The presence of Mamata Banerjee and the media only triggered further chaos and resentment at the fire-ravaged AMRI hospital on Friday, as police even resorted to batons to disperse the crowds.
Furious families of patients said the movement of ambulances had been hit after the West Bengal chief minister arrived.
Banerjee came to the narrow lane leading to the hospital - co-founded by private firms along with the West Bengal government - around 9.45am, and immediately a stream of people as also mediapersons rushed towards her.
Police personnel, at their wits end after having spent hours controlling the mob, which was venting its ire at the hospital authorities, tried to put up a cordon around the chief minister.
But as the surging crowd became uncontrollable, leading to a near stamplede, the lawkeepers wielding the baton, which worsened the situation.
Banerjee, holding a mike, was seen shouting at the top of her voice at the police.
"Stop it. What is this? No lathicharge. No lathicharge. Have you come here to beat up people?"
Police personnel finally succeeded in clearing some area for the chief minister to address the relatives of victims.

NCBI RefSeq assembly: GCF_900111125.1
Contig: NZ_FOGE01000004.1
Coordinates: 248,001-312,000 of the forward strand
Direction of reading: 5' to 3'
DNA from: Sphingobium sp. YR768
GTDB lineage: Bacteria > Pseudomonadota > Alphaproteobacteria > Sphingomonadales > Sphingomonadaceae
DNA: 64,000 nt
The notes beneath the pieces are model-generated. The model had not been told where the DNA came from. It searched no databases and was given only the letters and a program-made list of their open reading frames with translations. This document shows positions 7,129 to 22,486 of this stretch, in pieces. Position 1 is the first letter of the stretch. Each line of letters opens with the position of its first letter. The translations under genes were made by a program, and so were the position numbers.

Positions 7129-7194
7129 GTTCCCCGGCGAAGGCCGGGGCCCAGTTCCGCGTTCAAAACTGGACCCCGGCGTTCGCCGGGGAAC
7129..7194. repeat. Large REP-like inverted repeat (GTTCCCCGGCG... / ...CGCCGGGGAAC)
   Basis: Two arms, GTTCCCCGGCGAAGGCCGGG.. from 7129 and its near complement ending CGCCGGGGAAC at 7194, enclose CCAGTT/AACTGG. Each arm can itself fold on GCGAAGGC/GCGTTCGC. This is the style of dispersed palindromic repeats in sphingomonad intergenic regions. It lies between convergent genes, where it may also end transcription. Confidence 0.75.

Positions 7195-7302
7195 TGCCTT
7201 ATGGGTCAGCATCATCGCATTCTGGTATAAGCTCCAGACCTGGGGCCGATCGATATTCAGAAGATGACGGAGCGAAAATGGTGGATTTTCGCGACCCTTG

However, with photojournalists, electronic media personnel and people crowding around Banerjee, the road leading to the hospital was blocked.
"Because Mamata is here, the ambulances cannot go towards the annexe building. Please ask her to shift to another road," shouted a distraught relative of a victim.
A political activist was seen whispering something in Banerjee's ears and she immediately moved some distance away, clearing the entrance to the Annexe building.
Banerjee then went near the relatives and said 40 bodies have been kept at the SSKM Hospital. "Police will take you there. They will escort you there by forming a barricade around you."
Crestfallen and harassed at not receiving information for hours about patients, some relatives poured out their frustration.
"My father was admitted there. I have not got any news about him. And now the chief minister comes. And you (the media) are busy clicking her photos? Please give a thought to what I am going through and go away."
A photojournalist was bashed up by residents and relatives of patients and a couple of cameras smashed.